There was John Gibson talking about San Francisco lawyer, Daniel Horowitz, and his murdered wife and, just so you known, Hurricane Wilma just decreased its speed from 124 mph to 122...and, guess what?.. still swirling!
What will Fox News do when the hurricane degrades into sprinkles over Miami? Maybe, a continuous surveillance camera in the corner of the screen showcasing possibly infected chickens with the avian flu.
If you want to gauge the actual political climate try something other than the Fox News weather and poultry channel.
Thursday, October 20, 2005
This notion is grounded in a inability to see past the very near term. The drag of the bumbled hurricane relief and possible indictments of Karl Rove and Scooter Libby or even the remote possibility that Vice President Dick Cheney resigns will not discourage the Republican regime.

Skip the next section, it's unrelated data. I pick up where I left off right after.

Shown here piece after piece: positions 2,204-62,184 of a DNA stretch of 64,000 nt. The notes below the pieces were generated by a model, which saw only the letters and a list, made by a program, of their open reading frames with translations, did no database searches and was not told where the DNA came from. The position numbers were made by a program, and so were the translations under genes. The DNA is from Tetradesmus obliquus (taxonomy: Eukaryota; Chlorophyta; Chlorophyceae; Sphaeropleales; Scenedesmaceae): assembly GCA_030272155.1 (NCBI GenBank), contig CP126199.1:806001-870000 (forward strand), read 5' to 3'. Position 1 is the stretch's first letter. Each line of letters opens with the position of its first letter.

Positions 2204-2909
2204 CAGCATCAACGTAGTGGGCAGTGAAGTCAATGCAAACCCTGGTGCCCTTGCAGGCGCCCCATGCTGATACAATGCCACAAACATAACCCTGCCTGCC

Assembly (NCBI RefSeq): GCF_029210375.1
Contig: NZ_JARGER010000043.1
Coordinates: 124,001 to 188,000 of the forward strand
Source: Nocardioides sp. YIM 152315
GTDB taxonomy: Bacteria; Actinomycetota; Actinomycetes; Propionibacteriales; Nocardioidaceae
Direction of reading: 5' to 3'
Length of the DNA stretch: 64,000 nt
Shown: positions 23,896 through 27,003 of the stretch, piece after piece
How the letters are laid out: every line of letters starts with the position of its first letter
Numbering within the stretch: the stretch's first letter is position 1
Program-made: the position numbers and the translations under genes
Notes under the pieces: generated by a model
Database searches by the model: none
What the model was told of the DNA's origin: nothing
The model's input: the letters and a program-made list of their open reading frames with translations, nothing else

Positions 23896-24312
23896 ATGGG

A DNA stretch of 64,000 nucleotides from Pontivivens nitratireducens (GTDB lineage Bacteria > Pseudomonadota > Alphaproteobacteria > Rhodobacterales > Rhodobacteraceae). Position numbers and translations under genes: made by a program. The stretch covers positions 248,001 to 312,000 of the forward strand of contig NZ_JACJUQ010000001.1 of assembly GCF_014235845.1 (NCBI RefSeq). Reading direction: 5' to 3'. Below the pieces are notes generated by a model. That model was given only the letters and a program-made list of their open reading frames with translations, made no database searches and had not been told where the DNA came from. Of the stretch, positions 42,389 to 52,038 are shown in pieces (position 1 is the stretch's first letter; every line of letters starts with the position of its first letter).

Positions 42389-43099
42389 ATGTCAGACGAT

Today, there's an internal split within the party, not a struggle against a retooled Democratic Party, though. Democrats have chosen to, hopefully, allow the GOP to implode itself, rather than risk making a mistake on the offensive.
By next summer, though, Republicans will, again, trot out fearmongering and divisive topics like guns, gays and terrorists. Most likely, they will have to incredibly distance themselves from a President with scandal hanging around his neck.
No problem. A possible plan of attack would involves bringing in an old and familiar name that easily unites the the GOP every time.
Hillary Clinton. Likely Democratic Presidential nominee.
It goes like this: As Labor Day approaches, the possibility that the Republicans could lose either Congress or the Senate or both becomes very real. Even though, the presidential campaign is still a year from heating up, the name Hillary Clinton as President and Democrats ruling all of Washington will get the Bible-thumpers, abortion clinic terrorists and big game hunters all fired up.
Tuesday, October 18, 2005
Monday, October 17, 2005